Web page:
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What is a migraine prodrome?

Dawn Marcus
Neurology
The first phase of migraine, the prodrome, occurs in about one in three migraine sufferers. Although some people talk about the prodrome being distinct from and occurring before a migraine, many experts believe the prodrome is actually the first phase of an entire migraine episode. If you consistently experience prodrome symptoms before your headache phase, you can use this information to begin treating your migraine earlier. In some cases, treating the prodrome prevents the headache phase from developing.

The prodrome typically begins about 12 - 24 hours before the headache phase. Some people have prodrome symptoms that last for 2 days before the headache phase. During this phase, you may experience a variety of non-specific symptoms:
  • Changes in mood - irritability, hyperactivity, anxiety, depression
  • Digestive symptoms - food cravings (often carbohydrates and chocolate), diarrhea, constipation, loss of appetite
  • Neck pain
  • Neurologic symptoms - difficulty concentrating, dizziness, blurred vision, sensitivity to noises or lights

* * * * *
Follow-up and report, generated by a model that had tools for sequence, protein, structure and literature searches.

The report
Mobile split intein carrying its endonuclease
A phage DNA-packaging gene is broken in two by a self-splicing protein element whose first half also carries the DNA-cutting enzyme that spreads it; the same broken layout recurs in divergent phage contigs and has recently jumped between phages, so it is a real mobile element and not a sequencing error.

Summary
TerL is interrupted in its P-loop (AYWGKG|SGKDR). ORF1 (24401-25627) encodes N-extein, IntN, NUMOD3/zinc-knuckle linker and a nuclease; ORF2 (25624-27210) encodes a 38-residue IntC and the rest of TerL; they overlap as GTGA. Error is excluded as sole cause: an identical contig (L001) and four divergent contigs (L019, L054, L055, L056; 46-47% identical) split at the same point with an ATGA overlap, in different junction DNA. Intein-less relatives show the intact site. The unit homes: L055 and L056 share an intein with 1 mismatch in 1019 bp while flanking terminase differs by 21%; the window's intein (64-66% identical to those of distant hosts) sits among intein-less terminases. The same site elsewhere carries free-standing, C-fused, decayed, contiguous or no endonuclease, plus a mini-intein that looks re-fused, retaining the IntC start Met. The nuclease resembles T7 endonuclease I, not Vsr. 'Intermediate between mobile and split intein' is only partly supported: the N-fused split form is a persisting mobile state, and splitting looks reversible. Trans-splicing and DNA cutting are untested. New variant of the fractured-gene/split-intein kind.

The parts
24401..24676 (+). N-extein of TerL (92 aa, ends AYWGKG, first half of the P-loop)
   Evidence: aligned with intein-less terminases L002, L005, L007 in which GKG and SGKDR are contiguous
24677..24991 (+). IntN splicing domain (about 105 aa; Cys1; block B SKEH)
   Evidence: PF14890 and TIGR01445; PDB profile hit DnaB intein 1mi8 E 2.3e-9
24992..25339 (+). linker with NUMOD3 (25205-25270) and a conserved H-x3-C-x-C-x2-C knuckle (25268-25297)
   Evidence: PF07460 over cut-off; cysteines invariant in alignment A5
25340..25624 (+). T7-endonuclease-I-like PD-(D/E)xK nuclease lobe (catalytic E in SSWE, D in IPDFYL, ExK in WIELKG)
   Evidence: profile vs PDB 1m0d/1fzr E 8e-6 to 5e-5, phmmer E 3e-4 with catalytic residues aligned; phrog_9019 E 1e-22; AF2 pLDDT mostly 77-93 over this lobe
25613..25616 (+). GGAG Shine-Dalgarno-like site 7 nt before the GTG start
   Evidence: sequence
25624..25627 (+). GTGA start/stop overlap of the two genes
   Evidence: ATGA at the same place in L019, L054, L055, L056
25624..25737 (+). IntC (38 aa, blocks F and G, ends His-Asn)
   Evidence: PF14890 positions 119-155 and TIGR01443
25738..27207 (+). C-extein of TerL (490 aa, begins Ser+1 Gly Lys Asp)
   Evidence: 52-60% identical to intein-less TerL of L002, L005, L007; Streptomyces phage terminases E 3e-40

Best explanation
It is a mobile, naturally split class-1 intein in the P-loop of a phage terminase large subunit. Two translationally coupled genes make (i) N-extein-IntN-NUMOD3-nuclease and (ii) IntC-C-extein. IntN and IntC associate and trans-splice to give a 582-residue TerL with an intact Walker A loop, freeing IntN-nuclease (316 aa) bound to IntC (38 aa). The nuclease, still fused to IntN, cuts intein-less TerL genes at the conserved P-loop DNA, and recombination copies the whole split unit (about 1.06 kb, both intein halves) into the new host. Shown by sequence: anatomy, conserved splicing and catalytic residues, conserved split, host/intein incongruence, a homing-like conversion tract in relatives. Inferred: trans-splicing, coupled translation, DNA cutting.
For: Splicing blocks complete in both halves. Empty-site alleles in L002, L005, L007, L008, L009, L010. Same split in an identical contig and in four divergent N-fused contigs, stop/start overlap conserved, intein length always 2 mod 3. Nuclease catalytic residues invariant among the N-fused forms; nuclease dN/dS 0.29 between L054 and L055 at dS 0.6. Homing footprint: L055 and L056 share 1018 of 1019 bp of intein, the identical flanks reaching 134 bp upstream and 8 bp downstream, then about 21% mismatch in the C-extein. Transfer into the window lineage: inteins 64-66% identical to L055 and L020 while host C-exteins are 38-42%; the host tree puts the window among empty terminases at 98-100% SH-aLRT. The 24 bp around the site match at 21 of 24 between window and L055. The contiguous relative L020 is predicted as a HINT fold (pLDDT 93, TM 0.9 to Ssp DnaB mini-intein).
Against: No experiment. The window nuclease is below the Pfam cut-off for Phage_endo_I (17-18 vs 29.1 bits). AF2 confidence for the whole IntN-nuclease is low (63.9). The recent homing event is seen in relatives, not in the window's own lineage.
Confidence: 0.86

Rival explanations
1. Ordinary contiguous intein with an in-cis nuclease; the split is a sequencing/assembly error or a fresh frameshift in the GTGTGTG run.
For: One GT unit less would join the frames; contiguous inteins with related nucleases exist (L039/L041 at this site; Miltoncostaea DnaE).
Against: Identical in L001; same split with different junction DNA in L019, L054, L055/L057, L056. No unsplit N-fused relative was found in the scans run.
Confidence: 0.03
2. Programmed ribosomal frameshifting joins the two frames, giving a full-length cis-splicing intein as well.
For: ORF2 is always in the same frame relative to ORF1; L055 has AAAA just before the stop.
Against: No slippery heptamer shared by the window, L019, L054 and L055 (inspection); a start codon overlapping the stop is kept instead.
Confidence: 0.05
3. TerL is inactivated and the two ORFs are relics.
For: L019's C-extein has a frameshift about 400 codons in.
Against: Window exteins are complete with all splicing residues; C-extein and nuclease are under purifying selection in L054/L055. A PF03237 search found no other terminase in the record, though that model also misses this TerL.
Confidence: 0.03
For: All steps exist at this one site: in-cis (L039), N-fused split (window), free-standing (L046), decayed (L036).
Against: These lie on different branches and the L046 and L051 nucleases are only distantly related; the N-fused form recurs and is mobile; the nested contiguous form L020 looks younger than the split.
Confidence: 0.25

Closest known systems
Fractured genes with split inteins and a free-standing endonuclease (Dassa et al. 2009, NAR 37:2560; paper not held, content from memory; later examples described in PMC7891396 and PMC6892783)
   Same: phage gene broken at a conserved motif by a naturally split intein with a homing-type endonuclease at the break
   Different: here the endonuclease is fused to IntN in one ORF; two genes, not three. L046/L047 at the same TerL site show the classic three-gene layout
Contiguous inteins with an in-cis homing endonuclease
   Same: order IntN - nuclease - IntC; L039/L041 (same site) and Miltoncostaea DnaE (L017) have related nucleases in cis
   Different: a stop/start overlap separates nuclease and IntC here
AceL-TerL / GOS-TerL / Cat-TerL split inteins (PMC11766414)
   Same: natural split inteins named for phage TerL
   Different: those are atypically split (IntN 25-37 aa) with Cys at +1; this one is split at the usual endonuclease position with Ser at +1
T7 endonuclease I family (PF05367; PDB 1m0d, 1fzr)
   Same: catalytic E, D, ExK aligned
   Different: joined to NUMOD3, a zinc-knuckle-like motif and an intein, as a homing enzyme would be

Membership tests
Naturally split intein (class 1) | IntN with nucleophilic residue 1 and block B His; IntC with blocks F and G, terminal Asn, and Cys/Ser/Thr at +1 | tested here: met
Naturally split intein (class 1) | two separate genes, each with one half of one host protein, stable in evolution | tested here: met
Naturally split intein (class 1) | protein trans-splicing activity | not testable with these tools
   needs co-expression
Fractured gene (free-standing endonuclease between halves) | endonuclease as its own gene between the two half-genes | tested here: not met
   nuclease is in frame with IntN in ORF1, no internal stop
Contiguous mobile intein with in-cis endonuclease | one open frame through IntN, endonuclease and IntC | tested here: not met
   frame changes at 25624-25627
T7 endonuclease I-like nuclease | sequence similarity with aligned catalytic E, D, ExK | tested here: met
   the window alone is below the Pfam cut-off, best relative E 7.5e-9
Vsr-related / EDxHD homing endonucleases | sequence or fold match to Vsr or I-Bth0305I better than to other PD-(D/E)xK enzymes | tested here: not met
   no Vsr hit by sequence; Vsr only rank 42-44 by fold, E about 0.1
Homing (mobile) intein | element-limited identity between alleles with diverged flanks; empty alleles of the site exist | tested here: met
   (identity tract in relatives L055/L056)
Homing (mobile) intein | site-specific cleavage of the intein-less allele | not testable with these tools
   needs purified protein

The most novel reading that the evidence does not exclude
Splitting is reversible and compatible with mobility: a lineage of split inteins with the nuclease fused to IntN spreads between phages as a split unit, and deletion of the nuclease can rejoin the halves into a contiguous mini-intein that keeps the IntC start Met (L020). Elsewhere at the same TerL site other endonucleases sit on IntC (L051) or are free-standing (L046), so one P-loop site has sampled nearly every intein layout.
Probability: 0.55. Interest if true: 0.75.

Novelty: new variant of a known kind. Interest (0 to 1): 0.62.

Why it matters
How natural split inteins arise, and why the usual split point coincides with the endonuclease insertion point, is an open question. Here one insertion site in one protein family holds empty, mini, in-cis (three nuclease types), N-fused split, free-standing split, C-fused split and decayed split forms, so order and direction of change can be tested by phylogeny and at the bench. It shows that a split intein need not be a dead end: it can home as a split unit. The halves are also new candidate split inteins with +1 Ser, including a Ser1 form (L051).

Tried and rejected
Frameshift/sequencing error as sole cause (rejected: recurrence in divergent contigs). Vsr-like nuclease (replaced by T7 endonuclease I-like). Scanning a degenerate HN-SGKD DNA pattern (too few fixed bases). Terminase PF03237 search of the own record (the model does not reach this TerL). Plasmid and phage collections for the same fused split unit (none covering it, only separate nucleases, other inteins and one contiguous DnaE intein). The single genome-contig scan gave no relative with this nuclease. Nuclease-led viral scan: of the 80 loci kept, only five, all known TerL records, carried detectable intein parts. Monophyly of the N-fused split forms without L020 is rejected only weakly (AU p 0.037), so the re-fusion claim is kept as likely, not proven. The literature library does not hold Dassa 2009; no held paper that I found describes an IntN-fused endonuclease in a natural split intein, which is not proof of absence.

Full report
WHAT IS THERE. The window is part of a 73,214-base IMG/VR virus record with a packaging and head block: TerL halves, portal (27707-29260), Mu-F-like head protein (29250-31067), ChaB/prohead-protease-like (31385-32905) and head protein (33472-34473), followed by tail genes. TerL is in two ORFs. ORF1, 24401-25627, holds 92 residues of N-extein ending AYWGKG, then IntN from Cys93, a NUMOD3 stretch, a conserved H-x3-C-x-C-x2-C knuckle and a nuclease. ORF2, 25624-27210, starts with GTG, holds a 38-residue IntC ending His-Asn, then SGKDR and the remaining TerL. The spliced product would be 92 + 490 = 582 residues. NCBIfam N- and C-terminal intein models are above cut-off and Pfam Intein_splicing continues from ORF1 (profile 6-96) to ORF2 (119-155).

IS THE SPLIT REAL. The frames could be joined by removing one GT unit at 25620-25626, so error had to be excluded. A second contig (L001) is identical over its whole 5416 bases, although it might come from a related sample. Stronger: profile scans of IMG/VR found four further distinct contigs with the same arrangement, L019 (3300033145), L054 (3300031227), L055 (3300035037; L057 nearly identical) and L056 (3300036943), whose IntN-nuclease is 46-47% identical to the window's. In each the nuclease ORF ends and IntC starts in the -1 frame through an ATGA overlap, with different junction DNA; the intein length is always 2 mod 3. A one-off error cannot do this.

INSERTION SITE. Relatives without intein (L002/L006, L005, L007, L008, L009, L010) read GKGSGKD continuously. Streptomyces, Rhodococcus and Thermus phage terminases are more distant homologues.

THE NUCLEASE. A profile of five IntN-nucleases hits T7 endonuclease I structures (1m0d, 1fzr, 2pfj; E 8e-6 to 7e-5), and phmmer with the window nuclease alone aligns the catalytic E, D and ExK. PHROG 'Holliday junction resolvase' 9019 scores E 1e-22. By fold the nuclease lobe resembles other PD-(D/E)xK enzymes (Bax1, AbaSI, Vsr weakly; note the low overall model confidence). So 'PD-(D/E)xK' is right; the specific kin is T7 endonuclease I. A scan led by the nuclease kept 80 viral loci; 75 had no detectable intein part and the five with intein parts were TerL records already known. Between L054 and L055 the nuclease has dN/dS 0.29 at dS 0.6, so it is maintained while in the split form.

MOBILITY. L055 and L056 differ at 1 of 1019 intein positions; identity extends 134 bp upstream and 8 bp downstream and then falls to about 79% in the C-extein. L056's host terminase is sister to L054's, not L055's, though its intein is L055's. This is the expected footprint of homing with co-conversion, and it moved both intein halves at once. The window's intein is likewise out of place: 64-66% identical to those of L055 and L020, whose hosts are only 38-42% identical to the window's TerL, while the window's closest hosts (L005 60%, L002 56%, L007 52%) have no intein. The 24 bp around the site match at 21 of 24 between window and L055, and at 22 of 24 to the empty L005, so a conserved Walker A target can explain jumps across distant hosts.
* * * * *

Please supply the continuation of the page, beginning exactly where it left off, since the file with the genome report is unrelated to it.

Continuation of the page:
• Excessive yawning
  • Frequent urination
The Woman's Migraine Toolkit: Managing Your Headaches from Puberty to Menopause (A DiaMedica Guide to Optimum Wellness)

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The Woman's Migraine Toolkit: Managing Your Headaches from Puberty to Menopause (A DiaMedica Guide to Optimum Wellness)

Migraines are a common, controllable type of headache that affects one in every six women, more than 20 million in the United States alone. The Woman’s Migraine Toolkit helps readers take charge of...

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Important: This content reflects information from various individuals and organizations and may offer alternative or opposing points of view. It should not be used for medical advice, diagnosis or treatment. As always, you should consult with your healthcare provider about your specific health needs.